“Demystifying the world of finance” – Part I

“Governments don’t rule the world, Goldman Sachs does!” (Alessio Rastani, a hitherto unknown trader, during his recent ~4 minutes of fame interview to BBC)

Rajeev looks puzzled these days. First 2 years of the Engineering degree went in a jiffy and now it’s time for him to get serious about his career. He observed something peculiar; many of his seniors are getting placed in ‘Banks’ and he could not quite figure out what an Engineer, a Chemical Engineer to be specific, could possibly do at a ‘Bank’. And these jobs pay rather well, and are the hottest pursuits on the campus. He is wondering if the stardom surrounding the ‘finance’ jobs is for real and what exactly does one do in a ‘finance’ job. The article below, 1st of a 3 articles series, is written by Nimilita Chatterjee (a seasoned banker herself) to enlighten Rajeev and many others like him.

Let us play the ZNMD game – What is the first word that comes to your mind when one says FINANCE –money, deals, stock markets, number crunching, MS Excel, a support function, or BORING? All of these are possibly true except the BORING part. Finance is indeed a world of opportunity for a student, just like other sectors, except that in Finance one deals with financial products which are intangible (can’t be seen or touched) unlike soap and oil. A financial product is in fact a more challenging product to create and sell as there is no physical product and it  is highly influenced by macro economic factors like the RBI’s policy, the growth of the economy etc. on which one has very little control.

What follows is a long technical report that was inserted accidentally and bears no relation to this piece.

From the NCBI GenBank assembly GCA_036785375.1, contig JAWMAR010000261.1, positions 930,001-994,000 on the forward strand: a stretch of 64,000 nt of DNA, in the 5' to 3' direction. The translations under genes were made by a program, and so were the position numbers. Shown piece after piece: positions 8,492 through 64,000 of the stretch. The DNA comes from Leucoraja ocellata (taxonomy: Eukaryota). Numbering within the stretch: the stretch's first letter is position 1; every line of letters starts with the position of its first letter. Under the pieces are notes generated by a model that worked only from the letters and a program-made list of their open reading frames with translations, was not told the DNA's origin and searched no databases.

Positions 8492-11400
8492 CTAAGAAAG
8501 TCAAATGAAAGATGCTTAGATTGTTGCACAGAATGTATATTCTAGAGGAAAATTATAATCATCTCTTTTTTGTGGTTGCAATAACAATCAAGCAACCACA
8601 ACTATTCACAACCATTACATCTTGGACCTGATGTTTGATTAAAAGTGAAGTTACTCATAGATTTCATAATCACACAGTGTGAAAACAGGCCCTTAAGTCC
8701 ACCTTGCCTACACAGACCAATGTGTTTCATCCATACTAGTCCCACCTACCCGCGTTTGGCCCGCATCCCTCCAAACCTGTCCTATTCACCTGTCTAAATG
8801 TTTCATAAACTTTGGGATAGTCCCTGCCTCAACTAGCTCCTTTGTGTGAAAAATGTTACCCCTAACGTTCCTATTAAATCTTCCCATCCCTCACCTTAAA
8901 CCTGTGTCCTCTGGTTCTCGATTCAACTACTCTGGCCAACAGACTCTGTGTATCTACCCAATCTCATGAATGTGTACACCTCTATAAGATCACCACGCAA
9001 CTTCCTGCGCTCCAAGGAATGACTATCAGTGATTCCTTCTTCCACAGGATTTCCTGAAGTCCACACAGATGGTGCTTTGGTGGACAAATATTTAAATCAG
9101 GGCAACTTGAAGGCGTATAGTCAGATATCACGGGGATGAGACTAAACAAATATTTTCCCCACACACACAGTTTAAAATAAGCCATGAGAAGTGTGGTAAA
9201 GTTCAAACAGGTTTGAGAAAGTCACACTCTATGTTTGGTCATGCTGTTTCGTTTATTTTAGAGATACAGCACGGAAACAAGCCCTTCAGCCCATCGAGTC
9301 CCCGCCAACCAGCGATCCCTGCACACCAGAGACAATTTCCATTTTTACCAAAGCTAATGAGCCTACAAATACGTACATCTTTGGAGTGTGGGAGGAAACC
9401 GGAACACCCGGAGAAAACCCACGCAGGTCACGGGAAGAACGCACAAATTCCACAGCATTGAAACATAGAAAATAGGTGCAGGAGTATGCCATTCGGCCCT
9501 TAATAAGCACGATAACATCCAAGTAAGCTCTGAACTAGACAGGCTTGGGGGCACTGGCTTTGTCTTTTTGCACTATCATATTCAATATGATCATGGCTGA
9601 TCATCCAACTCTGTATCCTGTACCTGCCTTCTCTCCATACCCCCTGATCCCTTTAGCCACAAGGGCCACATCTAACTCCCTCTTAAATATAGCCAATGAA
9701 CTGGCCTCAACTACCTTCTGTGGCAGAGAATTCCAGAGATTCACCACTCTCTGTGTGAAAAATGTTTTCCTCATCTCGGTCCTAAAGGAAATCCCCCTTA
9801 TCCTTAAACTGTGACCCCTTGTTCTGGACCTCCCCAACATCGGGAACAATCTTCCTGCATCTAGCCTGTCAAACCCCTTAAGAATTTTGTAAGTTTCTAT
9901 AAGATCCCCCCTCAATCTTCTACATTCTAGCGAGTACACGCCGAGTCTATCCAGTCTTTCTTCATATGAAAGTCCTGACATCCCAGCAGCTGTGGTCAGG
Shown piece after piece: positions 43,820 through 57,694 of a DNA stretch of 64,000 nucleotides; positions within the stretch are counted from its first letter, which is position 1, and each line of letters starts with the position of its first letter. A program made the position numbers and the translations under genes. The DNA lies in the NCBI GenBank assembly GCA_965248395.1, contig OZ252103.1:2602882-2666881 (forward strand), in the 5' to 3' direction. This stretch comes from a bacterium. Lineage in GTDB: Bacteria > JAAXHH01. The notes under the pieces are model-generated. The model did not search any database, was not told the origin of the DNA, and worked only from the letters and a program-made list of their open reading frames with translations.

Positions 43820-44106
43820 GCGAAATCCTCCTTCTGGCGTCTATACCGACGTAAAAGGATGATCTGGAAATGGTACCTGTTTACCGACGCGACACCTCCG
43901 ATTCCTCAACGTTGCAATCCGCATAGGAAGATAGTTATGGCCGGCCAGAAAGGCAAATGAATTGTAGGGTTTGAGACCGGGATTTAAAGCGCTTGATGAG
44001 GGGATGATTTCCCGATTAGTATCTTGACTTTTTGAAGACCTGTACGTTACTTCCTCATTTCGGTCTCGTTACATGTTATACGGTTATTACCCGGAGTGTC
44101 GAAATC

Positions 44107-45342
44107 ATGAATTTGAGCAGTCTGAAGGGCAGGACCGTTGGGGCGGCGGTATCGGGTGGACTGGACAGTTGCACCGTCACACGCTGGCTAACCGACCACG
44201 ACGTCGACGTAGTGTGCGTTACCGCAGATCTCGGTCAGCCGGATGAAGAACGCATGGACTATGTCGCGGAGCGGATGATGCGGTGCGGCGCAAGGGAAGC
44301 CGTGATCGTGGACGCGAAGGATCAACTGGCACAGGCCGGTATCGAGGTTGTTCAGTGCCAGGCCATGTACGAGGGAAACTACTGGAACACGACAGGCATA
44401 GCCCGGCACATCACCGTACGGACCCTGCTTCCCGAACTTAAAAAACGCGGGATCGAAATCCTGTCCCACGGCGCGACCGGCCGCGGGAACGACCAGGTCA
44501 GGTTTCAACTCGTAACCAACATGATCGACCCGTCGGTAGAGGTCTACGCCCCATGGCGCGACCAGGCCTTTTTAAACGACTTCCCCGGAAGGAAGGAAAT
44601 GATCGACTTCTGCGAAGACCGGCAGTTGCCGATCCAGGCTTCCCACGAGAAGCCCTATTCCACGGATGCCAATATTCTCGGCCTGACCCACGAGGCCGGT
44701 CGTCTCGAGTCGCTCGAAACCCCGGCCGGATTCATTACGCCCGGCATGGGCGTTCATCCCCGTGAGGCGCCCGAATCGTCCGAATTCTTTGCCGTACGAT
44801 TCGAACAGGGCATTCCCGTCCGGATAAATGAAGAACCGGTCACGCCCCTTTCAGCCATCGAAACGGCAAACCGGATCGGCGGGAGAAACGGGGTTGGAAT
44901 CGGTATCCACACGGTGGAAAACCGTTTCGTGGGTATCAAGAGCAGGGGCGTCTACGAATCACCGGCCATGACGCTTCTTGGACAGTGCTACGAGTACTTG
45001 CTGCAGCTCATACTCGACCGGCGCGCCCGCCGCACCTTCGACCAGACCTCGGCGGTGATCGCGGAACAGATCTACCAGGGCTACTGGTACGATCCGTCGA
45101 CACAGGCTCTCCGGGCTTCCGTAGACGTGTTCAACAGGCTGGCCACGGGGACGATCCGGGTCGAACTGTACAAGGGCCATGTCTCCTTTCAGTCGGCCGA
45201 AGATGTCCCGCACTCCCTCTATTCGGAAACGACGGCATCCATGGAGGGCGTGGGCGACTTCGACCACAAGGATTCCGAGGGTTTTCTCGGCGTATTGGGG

Before you get all awed, understand this. Finance is a very broad based term and covers the complex world of money matters. The way all Civil Engineering companies do not necessarily build only houses (some build roads, some build ports, some build bridges and some build power plants etc.); different Finance companies are also engaged in different types of businesses. A few of these are –

1. Investment Banks – the big daddies of the industry. A small set of very high performing individuals (like the trader in the video) who work primarily in high end financial products by helping a company access the stock and bond markets to raise money for expansion or other needs. They also help companies in mergers and acquisitions, corporate finance, professional investment management for institutions or high net worth individuals, and merchant banking. Other significant aspect is trading, be it stock market, currency market, bonds, commodities, metals; these guys literally move the world’s money from one end to another. Goldman Sachs, Lehman Brothers (went bankrupt in 2008) are examples of I-banking firms.